But is it so? Or are we merely being duped by a class of political elites out of touch with reality? By almost every yardstick our politicians are failing us, and despite the cuddly façade of our political elite there are dark clouds on the horizon. Our economy remains in the doldrums despite being 'injected' more times than Pete Doherty. The Eurozone staggers from one crisis to another like a drunk navigating an obstacle course. Our personal liberties are increasingly curtailed whilst we are being 'nudged' in directions deemed suitable by the state. If the last century has taught us nothing else, it is that humanity is better served with minimal state interference: the state is history's largest mass-murderer.

But so what? One only has to observe history to realise that the state is most dangerous when it is of an extreme persuasion. Electorates tend only to swing to the outer reaches of the political spectrum when socio-economic uncertainty is rife: people are loathe to throw their lot in with an unknown, potentially psychopathic, ruler when everything is running smoothly.

It is with these thoughts in mind that I look upon events unfolding in Brussels with peculiar mix of emotion. Whilst an unaccountable, undemocratic and, in my eyes, dangerous behemoth may be in the last throes of life, at what cost has this come? It may prove overly-wishful to believe that the EU will simply fizzle out be followed by a resumption of normality – there is too much economic and political baggage for such a simple resolution. A dissolution of Europe as we know it could lead to a political environment not seen since the darker decades of the 20th century.

History reminds us that things often don't stay trouble-free for very long, especially when government is at hand. Will the state be as deadly to this century as it was the last? Only time will tell.

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Germany says no to nuclear

Written by Max Titmuss | Wednesday 01 June 2011

atomGermany is a land of environmentalists. The first successful green party in Europe, Die Grünen, won their first seats in the Bundestag in 1983 (compared to Britain's first Green MP in 2010). And much German environmentalism revolves around the rejection of nuclear power. This, when taking into account Germany's history, is not altogether surprising: Germany bowed out of World War II only four months before the first nuclear weapon was dropped on Hiroshima. Afterwards, in the Cold War era, a divided Germany found herself as the potential battleground of a full-scale nuclear war between NATO and the USSR. The seeds of nuclear-rejectionism were planted. After Chernobyl, the German neurosis took another knock.

Then, a few months ago, the fifth most powerful earthquake ever recorded struck Japan, promptly followed by one of the largest tsunamis in history. In the path of these natural disasters was an antiquated, poorly-designed nuclear plant called Fukushima. Was the building reduced to rubble by the earthquake? Nope. Did the subsequent tsunami turn it into radioactive driftwood? Not that either. Were hundreds killed? No. Only one person has been recorded as dying because of the disaster – of a heart attack.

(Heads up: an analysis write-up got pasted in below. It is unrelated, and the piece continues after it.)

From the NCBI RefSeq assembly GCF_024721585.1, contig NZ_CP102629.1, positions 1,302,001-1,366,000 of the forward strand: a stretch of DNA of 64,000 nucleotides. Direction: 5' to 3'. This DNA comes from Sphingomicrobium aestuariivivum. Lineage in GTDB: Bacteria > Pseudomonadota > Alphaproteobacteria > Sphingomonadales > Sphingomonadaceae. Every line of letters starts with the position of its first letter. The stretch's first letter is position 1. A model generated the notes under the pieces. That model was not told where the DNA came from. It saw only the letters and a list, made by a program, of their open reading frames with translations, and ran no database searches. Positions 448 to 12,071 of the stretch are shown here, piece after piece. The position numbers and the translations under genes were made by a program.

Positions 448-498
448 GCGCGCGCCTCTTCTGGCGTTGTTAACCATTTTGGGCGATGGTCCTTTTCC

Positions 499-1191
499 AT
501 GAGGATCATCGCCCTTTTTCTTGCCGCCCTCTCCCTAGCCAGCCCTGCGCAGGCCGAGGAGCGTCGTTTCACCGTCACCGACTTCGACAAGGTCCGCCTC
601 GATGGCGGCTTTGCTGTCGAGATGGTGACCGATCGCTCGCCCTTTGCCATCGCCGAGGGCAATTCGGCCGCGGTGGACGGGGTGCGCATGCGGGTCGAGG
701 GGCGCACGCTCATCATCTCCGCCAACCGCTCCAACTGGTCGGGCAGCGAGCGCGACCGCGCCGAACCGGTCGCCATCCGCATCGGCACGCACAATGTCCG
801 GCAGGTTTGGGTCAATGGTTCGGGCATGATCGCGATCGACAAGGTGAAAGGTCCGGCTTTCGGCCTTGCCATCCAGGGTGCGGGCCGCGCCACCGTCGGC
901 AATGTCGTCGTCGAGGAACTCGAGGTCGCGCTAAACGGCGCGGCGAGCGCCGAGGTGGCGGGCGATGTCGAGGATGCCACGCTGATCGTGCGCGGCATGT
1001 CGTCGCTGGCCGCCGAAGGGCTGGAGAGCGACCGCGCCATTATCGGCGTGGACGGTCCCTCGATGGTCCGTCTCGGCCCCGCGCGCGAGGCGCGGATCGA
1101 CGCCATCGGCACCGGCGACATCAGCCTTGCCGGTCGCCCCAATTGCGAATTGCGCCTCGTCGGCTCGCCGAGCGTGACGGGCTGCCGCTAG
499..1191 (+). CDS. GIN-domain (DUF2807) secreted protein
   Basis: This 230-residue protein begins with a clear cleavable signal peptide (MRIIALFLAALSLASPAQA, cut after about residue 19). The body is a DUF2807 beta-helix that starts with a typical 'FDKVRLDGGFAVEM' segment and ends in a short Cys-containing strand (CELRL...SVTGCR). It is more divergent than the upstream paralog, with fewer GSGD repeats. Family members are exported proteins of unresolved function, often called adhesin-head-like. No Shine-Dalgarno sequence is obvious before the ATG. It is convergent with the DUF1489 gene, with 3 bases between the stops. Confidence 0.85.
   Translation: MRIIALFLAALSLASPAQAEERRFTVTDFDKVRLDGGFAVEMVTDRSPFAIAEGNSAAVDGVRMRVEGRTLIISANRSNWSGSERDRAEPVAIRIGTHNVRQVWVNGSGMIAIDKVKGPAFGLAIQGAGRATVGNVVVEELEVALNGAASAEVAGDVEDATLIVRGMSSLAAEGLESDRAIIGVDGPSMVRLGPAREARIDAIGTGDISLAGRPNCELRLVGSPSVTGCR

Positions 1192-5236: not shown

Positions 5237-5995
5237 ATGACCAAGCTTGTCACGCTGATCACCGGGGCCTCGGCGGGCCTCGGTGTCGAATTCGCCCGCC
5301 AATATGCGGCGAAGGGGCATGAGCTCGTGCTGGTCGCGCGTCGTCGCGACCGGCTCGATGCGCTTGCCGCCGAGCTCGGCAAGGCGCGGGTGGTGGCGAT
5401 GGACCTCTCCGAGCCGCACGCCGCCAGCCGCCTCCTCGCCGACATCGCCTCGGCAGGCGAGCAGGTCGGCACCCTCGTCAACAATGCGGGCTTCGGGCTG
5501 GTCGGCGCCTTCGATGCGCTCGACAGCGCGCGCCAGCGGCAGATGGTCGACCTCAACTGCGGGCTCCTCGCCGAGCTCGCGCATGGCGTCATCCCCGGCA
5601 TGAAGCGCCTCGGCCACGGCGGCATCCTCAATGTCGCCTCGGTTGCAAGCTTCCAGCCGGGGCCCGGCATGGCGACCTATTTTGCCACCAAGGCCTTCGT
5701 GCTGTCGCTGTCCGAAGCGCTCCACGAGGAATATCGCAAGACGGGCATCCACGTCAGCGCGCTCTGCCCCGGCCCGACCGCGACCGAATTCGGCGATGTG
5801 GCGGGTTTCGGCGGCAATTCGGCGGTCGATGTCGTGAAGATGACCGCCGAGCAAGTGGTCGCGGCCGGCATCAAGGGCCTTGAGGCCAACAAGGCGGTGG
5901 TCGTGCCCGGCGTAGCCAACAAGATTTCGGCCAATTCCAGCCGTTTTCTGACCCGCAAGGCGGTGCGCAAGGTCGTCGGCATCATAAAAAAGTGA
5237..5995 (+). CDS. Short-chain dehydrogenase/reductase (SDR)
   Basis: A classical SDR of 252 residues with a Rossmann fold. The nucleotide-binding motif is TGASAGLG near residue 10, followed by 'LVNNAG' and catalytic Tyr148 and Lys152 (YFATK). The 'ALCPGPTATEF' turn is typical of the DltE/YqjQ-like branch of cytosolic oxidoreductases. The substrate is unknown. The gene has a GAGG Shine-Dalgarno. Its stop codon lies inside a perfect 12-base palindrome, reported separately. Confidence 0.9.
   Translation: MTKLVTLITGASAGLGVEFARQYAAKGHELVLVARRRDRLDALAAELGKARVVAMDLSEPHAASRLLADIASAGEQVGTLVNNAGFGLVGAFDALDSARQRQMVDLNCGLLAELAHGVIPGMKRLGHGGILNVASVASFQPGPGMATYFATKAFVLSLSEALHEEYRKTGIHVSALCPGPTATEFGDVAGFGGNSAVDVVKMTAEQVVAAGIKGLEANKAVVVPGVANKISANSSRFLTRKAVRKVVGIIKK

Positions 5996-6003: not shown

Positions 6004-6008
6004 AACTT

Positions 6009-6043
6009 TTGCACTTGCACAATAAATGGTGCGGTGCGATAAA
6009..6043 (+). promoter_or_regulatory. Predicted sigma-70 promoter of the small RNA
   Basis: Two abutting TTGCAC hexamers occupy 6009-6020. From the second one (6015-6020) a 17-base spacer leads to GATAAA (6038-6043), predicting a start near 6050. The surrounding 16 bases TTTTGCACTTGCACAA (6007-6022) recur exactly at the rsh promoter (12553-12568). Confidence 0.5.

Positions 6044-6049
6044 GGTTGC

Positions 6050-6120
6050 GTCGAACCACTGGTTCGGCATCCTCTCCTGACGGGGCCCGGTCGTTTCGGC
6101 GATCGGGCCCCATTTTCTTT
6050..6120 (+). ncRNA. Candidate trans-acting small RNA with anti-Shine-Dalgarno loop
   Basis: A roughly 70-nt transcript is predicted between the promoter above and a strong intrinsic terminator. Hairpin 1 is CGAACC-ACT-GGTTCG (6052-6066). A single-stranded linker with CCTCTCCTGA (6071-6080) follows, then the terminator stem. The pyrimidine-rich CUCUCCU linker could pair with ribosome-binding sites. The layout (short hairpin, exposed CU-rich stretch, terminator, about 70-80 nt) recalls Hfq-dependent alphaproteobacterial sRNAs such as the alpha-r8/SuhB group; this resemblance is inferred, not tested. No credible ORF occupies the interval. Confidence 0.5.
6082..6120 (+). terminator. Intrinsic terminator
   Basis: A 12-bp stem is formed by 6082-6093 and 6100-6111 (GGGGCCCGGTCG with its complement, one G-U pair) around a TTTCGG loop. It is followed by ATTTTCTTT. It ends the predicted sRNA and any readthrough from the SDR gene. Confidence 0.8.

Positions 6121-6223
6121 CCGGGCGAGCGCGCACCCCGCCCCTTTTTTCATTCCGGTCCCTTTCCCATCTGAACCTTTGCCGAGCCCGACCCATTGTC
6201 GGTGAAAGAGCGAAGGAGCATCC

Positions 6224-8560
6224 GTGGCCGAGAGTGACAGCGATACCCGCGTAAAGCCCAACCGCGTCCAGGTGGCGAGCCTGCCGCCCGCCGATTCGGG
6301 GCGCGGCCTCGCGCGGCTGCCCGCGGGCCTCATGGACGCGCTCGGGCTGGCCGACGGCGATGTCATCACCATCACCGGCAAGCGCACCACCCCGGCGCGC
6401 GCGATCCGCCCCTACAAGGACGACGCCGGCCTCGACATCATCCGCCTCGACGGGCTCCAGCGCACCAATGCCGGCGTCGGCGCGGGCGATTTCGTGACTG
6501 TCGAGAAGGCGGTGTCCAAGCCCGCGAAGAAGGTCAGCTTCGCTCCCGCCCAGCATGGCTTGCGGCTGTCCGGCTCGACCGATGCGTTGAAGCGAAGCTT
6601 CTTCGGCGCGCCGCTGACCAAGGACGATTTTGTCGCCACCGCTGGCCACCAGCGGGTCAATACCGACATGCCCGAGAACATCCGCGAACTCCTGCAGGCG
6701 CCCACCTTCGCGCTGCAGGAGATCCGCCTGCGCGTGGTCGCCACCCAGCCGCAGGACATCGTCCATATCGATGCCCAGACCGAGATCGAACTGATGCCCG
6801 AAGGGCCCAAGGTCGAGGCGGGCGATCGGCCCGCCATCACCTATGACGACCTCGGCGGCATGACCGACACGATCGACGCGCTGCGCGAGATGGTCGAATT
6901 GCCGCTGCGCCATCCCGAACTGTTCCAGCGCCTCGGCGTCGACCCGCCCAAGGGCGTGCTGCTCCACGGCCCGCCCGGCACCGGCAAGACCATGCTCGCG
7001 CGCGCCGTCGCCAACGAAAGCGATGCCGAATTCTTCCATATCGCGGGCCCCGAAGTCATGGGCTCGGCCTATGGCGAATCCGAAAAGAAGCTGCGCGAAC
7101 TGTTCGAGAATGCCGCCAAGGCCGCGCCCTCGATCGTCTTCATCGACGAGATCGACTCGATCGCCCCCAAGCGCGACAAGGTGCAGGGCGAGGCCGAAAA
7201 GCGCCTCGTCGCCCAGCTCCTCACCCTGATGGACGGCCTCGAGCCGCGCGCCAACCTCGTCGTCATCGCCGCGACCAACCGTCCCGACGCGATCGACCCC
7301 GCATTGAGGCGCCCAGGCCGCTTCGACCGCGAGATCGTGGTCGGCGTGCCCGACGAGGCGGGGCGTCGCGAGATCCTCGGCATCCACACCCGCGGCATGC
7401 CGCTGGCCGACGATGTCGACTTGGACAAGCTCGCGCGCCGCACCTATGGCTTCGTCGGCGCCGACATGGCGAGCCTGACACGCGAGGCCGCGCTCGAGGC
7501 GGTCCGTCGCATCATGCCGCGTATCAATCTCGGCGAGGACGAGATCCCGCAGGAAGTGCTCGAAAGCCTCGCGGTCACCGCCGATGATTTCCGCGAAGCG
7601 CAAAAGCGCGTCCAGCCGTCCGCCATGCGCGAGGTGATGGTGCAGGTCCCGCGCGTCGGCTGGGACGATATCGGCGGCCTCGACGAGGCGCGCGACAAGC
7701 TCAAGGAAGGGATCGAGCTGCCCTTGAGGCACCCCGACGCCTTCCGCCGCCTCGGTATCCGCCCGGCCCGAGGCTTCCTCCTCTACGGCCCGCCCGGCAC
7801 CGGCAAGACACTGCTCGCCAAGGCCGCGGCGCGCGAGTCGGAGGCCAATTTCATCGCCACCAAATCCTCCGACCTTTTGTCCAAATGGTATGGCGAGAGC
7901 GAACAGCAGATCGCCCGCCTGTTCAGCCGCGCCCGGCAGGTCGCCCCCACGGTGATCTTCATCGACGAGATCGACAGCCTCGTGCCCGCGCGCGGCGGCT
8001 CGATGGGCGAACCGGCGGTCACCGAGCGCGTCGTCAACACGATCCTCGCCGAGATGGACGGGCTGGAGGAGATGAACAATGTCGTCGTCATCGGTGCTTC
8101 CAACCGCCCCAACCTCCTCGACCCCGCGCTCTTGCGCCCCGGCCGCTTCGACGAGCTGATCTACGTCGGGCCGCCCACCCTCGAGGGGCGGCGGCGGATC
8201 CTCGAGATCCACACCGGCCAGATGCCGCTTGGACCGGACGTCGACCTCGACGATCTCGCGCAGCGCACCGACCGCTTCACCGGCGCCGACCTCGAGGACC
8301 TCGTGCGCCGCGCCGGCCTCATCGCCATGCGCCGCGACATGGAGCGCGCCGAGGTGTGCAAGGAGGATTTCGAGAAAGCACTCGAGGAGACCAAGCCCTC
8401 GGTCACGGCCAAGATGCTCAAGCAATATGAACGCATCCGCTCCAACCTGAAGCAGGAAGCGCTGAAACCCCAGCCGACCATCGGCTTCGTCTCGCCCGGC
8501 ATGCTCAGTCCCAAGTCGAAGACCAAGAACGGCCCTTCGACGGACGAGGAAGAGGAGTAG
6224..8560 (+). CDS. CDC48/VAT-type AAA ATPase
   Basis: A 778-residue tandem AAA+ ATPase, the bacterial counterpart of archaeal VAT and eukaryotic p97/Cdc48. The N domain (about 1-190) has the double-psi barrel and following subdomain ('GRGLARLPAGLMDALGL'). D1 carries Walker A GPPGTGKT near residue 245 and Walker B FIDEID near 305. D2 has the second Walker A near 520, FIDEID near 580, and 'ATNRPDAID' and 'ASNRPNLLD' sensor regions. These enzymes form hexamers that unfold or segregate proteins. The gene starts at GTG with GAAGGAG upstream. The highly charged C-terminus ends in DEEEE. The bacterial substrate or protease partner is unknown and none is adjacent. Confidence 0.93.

I'm no expert on nuclear power, but it strikes me that Fukushima stood up remarkably well to the worst that mother nature could throw at it. Granted, the designs were not perfect, but improvements in last 40 years must have more than solved these issues.

However, hysteria is often far more attractive than common sense. Although not under any immediate risk of neither a magnitude 9.0 earthquake nor a tsunami, Germany immediately took its nuclear power-plants offline and ordered a review. Only after a few months of stating that Germany wouldn't abandon nuclear power 'on her watch', Merkel allowed exactly this to happen and committed Germany to decades of increased energy costs and the importation of (nuclear) power.

In deciding to shut down all of its nuclear power-plants by 2022, the Chancellor has finally caved in to environmentalist scaremongering. No concrete plans have been laid out about to replace the 23% of formerly-nuclear energy, although it is almost certain that the emphasis will largely be on renewables. Business leaders have criticised this, stating energy costs could rise by 30%. At a time, of growing inflationary pressures, the German electorate may live to regret such decisions, especially considering that nuclear has a lower carbon footprint than wind and hydroelectric power. (PDF)

The German abandonment of nuclear energy is a sad example of a minority of sanctimonious Luddites reversing human progress. Cheap, nuclear energy, especially for one of the world's greatest industrial powers, is the way forward. Instead, the irrational fears of an objectionable few will result in reduced prosperity for the majority.

Ich bin enttäuscht.

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The NHS is a socialist relic

Written by Max Titmuss | Sunday 29 May 2011